Review: Chris Evans and Ana de Armas (and Countless Cameos) Can’t Save Ghosted, a Joyless Action-Heavy Rom-Com

Forgive me for getting stuck on this, but this movie took four people to write; I won’t name them here because I don’t want to embarrass them. And those are just the people who are given credit.

It never fails to shock and amuse me when so many chefs contribute to something with the originality and flavor of a cheese sandwich, and not even the toasted kind. From director Dexter Fletcher (Rocketman, Eddie the Eagle), Ghosted is the story of hopeless romantic Cole Turner (Chris Evans), who works on his family’s farm and falls in love far too easily. Shortly after getting dumped (in what we suspect is the latest of many), Cole meets art dealer Sadie Rhodes (Ana de Armas, Evans’ co-star in Knives Out and The Gray Man) at a farmers market as she’s attempting to buy a plant. They get into a bit of an argument over the plant’s care, but the two end up spending the entire day and night together. Clearly, Cole is head over heels, and begins texting her a bit too much, while she doesn’t respond at all.

After talking over the situation with his friends and family (mom and dad are played by Tate Donovan and Amy Sedaris, with Lizze Broadway playing smart-ass sister Mattie), Cole decides to use a tracking chip on something of his that made its way into Sadie’s purse (don’t ask; he didn’t plant it on her) to find out where she is, in order to surprise her. Turns out, she’s in London, and when Cole arrives looking for her, he’s kidnapped and taken to a secret location where he is about to be tortured for information in a case of mistaken identity. Just before vicious bugs are released on his face, Cole is saved by none other than Sadie, who it turns out is a CIA agent, more than a little pissed that Cole followed her and is giving off stalker-ish vibes.

What follows is a globe-trotting adventure involving top secret weapons technology, which the bad guys have but can’t use without a long, complicated passcode that they think Cole has (he’s been mistaken for someone called the Tax Man). Adrian Brody is on hand as the villainous broker in charge of getting the code from the Tax Man and acquiring a sizable fee in the process. Also on hand is the great action star and stuntman Mike Moh (probably best known to American audiences for playing Bruce Lee in Once Upon a Time in Hollywood) and Tim Blake Nelson, both working for the bad guys. The great Anna Deavere Smith shows up as well, as Sadie’s CIA boss who is very disappointed in her for putting her personal feelings ahead of the mission to re-acquire the weapon.

As you can probably tell, the plot of Ghosted is unnecessarily complicated to no real ends. It’s not clever or smart or difficult to figure out. The banter between Evans and De Armas isn’t cute or funny or sexy; they either hate each other or are madly in love, depending on what the script (by four people, just to remind) requires. And honestly, I don’t think I’ve ever disliked a Chris Evans character more. He’s winey, childish, and can’t keep from blurting out what he feels, even if it risks other people’s lives, simply because he has no emotional filter. De Armas is at least trying to maintain a certain level of professionalism, and her fight sequences are particularly fun most of the time.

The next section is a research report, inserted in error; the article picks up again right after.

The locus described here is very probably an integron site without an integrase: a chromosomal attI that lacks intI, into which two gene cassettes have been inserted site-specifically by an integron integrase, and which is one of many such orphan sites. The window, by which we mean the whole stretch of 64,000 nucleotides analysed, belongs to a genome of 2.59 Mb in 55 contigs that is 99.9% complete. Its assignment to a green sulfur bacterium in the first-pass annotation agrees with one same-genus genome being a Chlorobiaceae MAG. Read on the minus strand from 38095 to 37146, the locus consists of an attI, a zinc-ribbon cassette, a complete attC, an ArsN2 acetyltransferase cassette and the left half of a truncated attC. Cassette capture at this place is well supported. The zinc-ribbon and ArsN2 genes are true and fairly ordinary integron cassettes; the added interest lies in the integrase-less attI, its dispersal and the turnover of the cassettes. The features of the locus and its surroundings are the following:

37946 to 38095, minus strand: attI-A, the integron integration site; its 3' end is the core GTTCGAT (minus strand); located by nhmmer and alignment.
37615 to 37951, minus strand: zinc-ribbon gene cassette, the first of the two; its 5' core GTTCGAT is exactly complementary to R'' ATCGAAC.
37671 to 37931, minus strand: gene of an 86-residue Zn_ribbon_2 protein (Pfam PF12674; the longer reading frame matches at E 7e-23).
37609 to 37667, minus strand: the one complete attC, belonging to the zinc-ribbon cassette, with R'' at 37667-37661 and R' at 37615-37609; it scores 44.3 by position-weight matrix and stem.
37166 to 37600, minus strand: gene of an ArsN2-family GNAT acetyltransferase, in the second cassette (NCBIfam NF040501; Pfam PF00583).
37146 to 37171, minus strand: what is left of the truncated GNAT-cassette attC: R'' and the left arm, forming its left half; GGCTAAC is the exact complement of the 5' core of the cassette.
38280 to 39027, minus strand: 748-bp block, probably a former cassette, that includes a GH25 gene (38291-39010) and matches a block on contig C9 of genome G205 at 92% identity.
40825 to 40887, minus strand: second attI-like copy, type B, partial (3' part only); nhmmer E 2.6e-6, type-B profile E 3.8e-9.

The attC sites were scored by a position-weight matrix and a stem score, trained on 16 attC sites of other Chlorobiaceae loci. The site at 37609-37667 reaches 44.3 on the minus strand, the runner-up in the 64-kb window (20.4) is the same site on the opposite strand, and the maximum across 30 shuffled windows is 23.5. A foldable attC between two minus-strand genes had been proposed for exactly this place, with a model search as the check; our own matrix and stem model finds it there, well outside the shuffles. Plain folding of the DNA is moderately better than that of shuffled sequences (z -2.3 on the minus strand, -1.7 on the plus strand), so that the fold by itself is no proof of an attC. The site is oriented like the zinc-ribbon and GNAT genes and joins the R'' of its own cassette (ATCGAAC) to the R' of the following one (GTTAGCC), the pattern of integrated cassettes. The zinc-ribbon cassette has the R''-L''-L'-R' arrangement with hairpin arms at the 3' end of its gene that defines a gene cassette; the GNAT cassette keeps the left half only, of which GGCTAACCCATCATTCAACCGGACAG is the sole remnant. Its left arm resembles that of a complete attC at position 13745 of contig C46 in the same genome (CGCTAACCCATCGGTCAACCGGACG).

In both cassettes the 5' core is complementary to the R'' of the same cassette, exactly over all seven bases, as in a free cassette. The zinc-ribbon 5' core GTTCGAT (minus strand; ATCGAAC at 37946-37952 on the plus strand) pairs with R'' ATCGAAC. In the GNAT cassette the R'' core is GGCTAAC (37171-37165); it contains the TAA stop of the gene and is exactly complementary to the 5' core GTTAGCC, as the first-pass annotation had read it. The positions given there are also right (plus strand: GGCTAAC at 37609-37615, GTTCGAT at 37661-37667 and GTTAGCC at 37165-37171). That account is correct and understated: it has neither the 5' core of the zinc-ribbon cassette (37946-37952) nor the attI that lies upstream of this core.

I should also mention (since everybody else will) that there are an array of cameos in this film. I was certainly not expecting them; they are people whose ties to Evans are well established, and they are pointless beyond words. So I’m sure people will love them. The lesson here is: if you have famous friends, take full advantage of them.

Ghosted is a film that is more an endurance test than a joyride, and with two winning leads like these two, that’s a shame. I’m almost more bothered by the fact that the modern romantic comedy seems to require an extra element, like action, because the filmmakers don’t have confidence in their central relationship. If that’s the case, maybe one of those four writers should have worked harder on character development. Since that clearly didn’t happen, this is what we’re left with. Enjoy the cameos!

The film is now streaming on Apple TV+.

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Steve Prokopy

Steve Prokopy is chief film critic for the Chicago-based arts outlet Third Coast Review. For nearly 20 years, he was the Chicago editor for Ain’t It Cool News, where he contributed film reviews and filmmaker/actor interviews under the name “Capone.” Currently, he’s a frequent contributor at /Film ( and Backstory Magazine. He is also the public relations director for Chicago's independently owned Music Box Theatre, and holds the position of Vice President for the Chicago Film Critics Association. In addition, he is a programmer for the Chicago Critics Film Festival, which has been one of the city's most anticipated festivals since 2013.